In Magoichi Saga (Shirikurae Magoichi, Daiei,1969) Magoichi Saika (Kinnosuke Nakamura) has fallen in love with a woman whose face he never saw. With an apparent foot fetish obsession, he spends the first portion of the film looking for the woman he'll recognize only by her feet & toes. She turns out to be Female Stereotype Number Two, number one being The Harlot, number two the innocent virgin, the Buddhist Princess Kano (Yoko Namiwaka).
She is willing to give herself to Magoichi body & soul, but only if he will first defeat the enemies of the Buddhist temple with his 3,000 gunners. Although this character begins her motivation from the perspective of a devoted Buddhist willing to sacrifice anything, she is too soonafter motivated exclusively by love, greatly undermining her nobility in terms of honor & duty.
When she gets dressed up as though for battle, her samurai clothing is as appropriate as GI Joe costumes on a Barbi doll. In reality women of this era did fight, commonly as castle defenders, occasionally on the battlefield, & scores of heroic tales of female fighters & female avengers are told in Japanese history & lore. This treatment of Princess Kana, alas, captures none of that glorious history.
Her unexpected presence on the battlefield is nevertheless inspiring to the warriors who she seems to regard as under her command, although the reality is she is only there because she has decided to sleep with Magoichi before he faces the enemy, lest he be slain & she never has the chance.
Since Magoichi is not afflicted with such feminine weakness, he adheres to their mutual oath, & decides immediately to slay the enemy so he can sleep with Princess Kano that very night, but without having to break an oath.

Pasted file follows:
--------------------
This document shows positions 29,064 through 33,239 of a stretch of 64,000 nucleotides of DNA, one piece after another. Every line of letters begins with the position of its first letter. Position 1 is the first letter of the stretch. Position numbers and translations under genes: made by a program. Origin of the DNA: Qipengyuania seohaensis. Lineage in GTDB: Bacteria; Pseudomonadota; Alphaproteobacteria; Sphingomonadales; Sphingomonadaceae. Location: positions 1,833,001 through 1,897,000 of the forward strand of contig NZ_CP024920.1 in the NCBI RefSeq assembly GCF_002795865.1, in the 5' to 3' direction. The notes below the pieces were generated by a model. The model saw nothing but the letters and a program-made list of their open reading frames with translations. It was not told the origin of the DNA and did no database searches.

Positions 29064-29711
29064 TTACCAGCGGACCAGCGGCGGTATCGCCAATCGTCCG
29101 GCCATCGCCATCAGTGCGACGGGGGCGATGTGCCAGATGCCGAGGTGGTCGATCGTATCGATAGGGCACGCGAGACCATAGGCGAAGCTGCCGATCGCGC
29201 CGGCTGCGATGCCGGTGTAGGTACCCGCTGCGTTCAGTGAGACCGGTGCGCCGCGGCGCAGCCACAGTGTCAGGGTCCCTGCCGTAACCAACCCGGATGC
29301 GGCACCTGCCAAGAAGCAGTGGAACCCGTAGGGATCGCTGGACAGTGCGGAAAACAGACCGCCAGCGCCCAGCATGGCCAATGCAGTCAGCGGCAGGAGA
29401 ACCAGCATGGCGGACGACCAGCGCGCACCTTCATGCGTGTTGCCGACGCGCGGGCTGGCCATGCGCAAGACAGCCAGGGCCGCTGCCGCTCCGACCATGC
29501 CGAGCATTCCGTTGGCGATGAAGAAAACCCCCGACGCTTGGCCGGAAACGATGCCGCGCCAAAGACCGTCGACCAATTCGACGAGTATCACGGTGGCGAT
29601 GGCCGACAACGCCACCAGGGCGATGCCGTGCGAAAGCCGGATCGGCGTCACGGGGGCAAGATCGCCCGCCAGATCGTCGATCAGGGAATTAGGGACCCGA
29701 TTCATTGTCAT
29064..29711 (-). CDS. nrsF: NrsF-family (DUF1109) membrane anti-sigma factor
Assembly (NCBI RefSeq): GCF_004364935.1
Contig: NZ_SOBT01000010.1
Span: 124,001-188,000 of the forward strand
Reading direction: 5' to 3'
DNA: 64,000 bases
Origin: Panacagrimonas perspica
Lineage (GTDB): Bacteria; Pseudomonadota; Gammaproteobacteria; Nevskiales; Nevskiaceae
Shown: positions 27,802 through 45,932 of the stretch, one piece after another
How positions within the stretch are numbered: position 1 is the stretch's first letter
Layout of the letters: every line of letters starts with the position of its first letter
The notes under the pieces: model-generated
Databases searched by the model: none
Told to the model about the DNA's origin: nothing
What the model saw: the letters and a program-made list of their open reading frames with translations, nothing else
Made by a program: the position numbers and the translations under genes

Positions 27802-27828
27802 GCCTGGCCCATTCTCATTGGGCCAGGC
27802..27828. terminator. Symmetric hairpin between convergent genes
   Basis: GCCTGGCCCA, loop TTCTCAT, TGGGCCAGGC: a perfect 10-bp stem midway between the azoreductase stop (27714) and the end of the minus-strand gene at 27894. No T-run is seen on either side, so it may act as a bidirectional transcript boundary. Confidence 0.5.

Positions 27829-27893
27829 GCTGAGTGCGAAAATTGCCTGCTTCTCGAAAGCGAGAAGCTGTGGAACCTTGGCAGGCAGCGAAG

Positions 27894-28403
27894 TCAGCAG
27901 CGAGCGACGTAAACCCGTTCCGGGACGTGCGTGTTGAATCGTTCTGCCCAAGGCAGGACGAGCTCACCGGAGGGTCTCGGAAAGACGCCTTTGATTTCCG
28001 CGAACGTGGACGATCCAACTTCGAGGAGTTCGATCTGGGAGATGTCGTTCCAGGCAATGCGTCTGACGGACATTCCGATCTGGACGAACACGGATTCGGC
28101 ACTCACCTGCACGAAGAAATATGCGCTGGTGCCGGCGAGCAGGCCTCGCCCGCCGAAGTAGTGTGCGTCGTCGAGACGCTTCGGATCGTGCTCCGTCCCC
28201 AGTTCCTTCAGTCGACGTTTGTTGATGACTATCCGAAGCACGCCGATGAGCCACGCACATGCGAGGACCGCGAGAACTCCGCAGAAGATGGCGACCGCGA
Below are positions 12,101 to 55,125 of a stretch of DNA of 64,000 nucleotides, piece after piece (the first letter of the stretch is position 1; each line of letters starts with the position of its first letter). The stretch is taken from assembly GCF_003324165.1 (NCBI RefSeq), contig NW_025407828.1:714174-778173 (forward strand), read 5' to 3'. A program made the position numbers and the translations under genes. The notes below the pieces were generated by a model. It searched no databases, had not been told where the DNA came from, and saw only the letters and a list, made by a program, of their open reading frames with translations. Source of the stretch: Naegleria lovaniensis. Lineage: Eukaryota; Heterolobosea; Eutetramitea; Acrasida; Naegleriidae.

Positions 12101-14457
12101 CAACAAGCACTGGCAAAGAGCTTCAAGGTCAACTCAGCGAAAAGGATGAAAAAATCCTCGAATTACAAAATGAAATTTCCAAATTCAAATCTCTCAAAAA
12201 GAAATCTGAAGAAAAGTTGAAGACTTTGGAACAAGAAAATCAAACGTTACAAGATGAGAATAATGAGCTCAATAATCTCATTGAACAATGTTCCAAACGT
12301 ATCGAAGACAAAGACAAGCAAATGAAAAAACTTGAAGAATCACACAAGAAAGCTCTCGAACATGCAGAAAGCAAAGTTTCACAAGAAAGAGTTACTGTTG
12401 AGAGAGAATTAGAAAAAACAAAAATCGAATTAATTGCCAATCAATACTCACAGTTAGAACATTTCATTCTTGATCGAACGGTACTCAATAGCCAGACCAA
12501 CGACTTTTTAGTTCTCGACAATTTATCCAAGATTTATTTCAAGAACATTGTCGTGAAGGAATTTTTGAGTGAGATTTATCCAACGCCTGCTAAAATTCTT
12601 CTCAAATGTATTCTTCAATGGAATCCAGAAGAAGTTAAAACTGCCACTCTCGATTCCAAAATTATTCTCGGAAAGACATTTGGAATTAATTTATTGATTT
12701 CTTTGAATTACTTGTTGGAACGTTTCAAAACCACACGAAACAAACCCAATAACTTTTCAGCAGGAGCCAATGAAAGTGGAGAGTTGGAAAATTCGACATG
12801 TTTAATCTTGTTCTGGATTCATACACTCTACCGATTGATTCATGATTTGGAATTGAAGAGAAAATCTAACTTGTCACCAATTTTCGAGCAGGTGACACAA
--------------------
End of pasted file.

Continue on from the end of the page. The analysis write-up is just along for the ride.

For such a supposedly "strong" female character, Princess Kano is a complete wuss. All women other than Kano are viewed as treacherous by Magoichi, & a viewer might be forgiven for suspecting the misogyny imbedded in this story is mostly from the writer's attitude. Curiously, the film makes reference to a famous wandering priestess, but this potentially colorful figure never turns up in the film.
While Magoichi is off on the specific errand of killing the Temple's foe, Princess Kano slinks around during the night & gets herself killed, dumbass that she is, without once drawing her sword or without the director allowing her so much as a token pretense of bravery or honor in any context except for her unconsumated horniness for that hotty Magoichi.
Since Magoichi is deeply in love with this wuss, the weakness of her role has the effect of dragging down the character of Magoichi too. For there is little heroic about a man motivated by his pecker, or by the unimpressive death of a virgin who was, ultimately, only a pair of feet to him.
The sad thing is only that director Kenji Misumi never even seemed to realize the script was denying Princess Kano any degree of dignity, expressing neither valor, nor even faith to her own oath taken with Magoichi. Her initial religious motivation is eradicated. Her additional pretense of being the commander of the gunners makes her childishly naive.
The film's failure when viewed through this character is not evident if her presence is not considered. There an impressive performances from Shintaro Katsu as Lord Oda Nobunaga, fun to see as someone other than Zatoichi. Tokichiro Kinoshita is played by Katsuo Nakamura, best known in the west as "Hoichi the Earless" in Mizoguchi's Kwaidan. He's the real-life brother of Kinnosuke Nakamura, & always a charming presence in any film he is in.
The cinematography is impressive, the action swift, & the depiction of civil war & the place of firearms in samurai warfare is all interesting stuff.
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